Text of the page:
I stepped onto the romantic patio at LON’s, the restaurant at the Hermosa Inn in Scottsdale, Arizona, for an interview with the chef and a chance to learn about the myriad ways of cooking with mesquite. The patio was overhung by an enormous mesquite tree, the air lightly tinted with the smoky sweetness of the burning wood in the outdoor fireplaces. Executive Chef Jeremy Pacheco and I sat in the shade of the mesquite tree and began the interview.
I had heard of smoking meat with mesquite, but I didn’t realize all of the uses for not just the wood, but the pods and flowers as well. The entire mesquite tree is used to create food.
The pods (sometimes mistakenly referred to as beans) from the tree are ground to make meal or flour for baking and as a thickener. Pacheco told me, “The duck we have on the menu has a crepe made with mesquite flour. I’ve had pancakes on the menu with it before. We’ve also made gnocchi with it.” He has also used the flour to make bread and Lavash crackers. The ground meal is naturally gluten-free and the mesquite flour can even be fermented to make a fizzy alcoholic drink.
Another use for the pods is to soak them in water to make a mesquite syrup. The pods are naturally sweet and lend well to syrups for pancakes or cocktails as well as for making flavored butters. “We take that mesquite syrup and whip it into butter and we serve that with our bread,” Pacheco said.
The flowers are harvested and either roasted and pressed into balls made to be eaten or simmered in water to make tea.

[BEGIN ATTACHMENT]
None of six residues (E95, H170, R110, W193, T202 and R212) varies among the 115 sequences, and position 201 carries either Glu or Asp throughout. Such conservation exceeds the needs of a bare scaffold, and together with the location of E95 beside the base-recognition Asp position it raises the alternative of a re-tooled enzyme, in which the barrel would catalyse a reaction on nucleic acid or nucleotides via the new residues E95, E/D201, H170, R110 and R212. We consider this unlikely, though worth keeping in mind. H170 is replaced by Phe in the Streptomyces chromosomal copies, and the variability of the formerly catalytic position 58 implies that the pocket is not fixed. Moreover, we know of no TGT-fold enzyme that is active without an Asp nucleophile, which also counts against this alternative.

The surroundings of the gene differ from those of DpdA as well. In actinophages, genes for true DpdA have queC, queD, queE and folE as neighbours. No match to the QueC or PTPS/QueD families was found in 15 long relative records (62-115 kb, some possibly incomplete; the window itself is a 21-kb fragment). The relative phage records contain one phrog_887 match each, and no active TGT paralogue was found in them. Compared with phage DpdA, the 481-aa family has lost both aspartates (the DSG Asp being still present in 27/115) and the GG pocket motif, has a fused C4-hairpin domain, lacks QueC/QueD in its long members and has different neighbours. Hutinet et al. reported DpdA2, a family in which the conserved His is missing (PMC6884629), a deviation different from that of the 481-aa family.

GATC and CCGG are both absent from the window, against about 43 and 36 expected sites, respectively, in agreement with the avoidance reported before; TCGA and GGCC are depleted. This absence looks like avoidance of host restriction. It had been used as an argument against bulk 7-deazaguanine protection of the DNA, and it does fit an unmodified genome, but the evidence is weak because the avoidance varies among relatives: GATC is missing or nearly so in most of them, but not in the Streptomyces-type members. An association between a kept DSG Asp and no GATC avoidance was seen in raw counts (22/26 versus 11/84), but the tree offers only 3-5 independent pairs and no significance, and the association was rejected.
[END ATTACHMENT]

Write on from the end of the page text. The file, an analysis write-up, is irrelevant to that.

Then there’s the actual wood of the tree, used in smokers and on barbecue grills to enhance the food with its smoky flavor. Other uses for the wood include barrels made from mesquite for aging whiskey and even smoking barley with mesquite wood to create a smoked whiskey.
Here’s how Pacheco and other amazing Arizona chefs and distillers are incorporating this diverse tree into their menus.
LON’s At The Hermosa Inn
The Hermosa Inn was ranked the number one hotel in the Southwest and West for two years in a row in Conde Nast’s Traveler’s Reader’s Choice Awards. The inn’s adobe architecture was handcrafted in the 1930s by cowboy artist Lon Megargee as his residence and art studio. His namesake restaurant, LON’s, is nestled in a garden landscape and was honored by Food and Wine as Arizona’s most romantic restaurant.
When I met Chef Pacheco, he was the executive chef at LON’s (he recently moved on and now oversees the Genuine Concepts restaurants). His passion for cooking with mesquite was evident; in addition to using the flour to make crepes, gnocchi, crackers, and breads and the syrup to flavor whipped butter for the bread, when I dined there, the sweet mesquite syrup was used to coat the bar nuts that sat along the bar for patrons to snack on while having a cocktail.